I’ve been lucky enough in my work to learn a fair bit about garbage collection. One of the things I’ve discovered is how many myths and half-truths exist about garbage collection. Part of the reason these myths have sprung up is that garbage collection has some pretty paradoxical properties. The first myth is that garbage collection is only suitable for the incompetent, unskilled, or lazy. In fact garbage collection offers many architectural and software engineering advantages, even to the skilled developer. The second myth is that garbage collection is all about about collecting garbage. It seems obvious from the name, but it’s not true! Garbage collectors also include an allocation component, which, along with their powers of object rearrangement, can make a significant difference to application performance. Thirdly, criticisms of garbage collection often focus on the pause times, and responses to these criticisms often focus exclusively on reducing pause times, in the mistaken belief that small pause times guarantee good application response times. Pause times are also often used as a metric of general application performance, and an increase in pause times is taken as an indicator of worsened performance, when in fact the opposite the opposite is often true. Paradoxically, even the total amount of time spent paused for garbage collection is not a good predictor of the impact of garbage collection on application performance. Finally, the sixth myth is that garbage collection has a disastrous performance impact. While garbage collection can hurt application performance, it can also help application performance to the point where it exceeds the performance with manual memory management. I’ll go through each of these in detail in later posts.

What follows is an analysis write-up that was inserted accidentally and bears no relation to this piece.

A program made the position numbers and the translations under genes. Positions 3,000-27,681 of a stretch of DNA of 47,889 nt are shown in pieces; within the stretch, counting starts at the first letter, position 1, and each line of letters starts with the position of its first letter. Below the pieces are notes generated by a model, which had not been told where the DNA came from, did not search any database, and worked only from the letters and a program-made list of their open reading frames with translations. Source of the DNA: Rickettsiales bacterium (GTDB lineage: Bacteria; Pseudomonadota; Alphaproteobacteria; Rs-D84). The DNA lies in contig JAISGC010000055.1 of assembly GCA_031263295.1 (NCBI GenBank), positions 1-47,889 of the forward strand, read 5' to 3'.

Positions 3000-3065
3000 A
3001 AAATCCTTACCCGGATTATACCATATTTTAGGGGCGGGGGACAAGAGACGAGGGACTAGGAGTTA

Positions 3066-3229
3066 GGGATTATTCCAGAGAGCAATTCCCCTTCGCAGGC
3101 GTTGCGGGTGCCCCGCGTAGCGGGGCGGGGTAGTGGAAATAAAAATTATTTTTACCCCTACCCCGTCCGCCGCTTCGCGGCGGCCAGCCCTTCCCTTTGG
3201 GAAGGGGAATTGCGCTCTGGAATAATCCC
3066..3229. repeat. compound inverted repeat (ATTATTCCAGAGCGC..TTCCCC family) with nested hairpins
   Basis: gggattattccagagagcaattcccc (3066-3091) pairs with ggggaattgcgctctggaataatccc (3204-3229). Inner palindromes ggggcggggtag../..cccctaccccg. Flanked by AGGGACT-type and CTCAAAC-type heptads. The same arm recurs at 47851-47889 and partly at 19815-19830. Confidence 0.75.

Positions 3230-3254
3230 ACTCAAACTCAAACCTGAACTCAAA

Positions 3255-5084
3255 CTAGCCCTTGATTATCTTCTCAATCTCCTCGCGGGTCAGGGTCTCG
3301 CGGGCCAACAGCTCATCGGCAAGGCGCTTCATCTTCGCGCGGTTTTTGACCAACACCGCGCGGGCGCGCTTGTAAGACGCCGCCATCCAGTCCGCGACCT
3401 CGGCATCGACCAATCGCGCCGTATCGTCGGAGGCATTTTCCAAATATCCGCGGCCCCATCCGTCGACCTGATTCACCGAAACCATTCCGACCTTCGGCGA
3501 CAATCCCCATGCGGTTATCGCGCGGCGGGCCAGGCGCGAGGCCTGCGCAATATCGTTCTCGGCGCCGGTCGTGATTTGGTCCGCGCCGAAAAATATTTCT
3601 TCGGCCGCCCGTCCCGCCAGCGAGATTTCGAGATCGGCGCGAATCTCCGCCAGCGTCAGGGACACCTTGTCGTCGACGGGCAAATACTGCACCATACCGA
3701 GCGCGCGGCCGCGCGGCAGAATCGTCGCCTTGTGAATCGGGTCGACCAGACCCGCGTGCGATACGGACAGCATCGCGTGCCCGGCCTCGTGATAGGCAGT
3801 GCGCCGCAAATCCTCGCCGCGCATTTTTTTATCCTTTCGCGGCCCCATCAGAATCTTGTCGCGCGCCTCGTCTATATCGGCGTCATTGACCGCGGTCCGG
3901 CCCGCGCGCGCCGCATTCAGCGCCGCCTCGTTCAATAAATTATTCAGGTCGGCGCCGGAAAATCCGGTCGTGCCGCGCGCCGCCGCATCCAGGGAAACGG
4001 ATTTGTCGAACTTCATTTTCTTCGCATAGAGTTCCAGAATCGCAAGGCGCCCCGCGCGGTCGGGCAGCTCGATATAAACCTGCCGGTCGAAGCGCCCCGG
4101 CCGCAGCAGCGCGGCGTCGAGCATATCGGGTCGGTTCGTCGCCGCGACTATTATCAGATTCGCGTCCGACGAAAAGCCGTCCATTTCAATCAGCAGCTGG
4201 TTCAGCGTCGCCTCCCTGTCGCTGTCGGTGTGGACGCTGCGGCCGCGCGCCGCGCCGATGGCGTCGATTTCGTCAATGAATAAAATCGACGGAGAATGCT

But, to start off with, what is garbage collection? Garbage collection is a system of automatic memory management. Memory which has been dynamically allocated but which is no longer in use is reclaimed for future re-use without intervention by the application. Garbage collection solves the otherwise difficult problem of determining object liveness by freeing memory only when it becomes unreachable.
Garbage collection is pretty ubiquitous in modern languages. Garbage collected languages include Java, the .Net languages, Lisp, Python, Perl, PHP, Ruby, Smalltalk, ML, Self, Modula-3, and Eiffel. Some languages which are not traditionally garbage collected offer garbage collection as a pluggable or configurable extension. For example, collectors are available for C++, and Objective-C was recently extended to allow garbage collection. Understanding the garbage collector is an important part of performance tuning in these languages.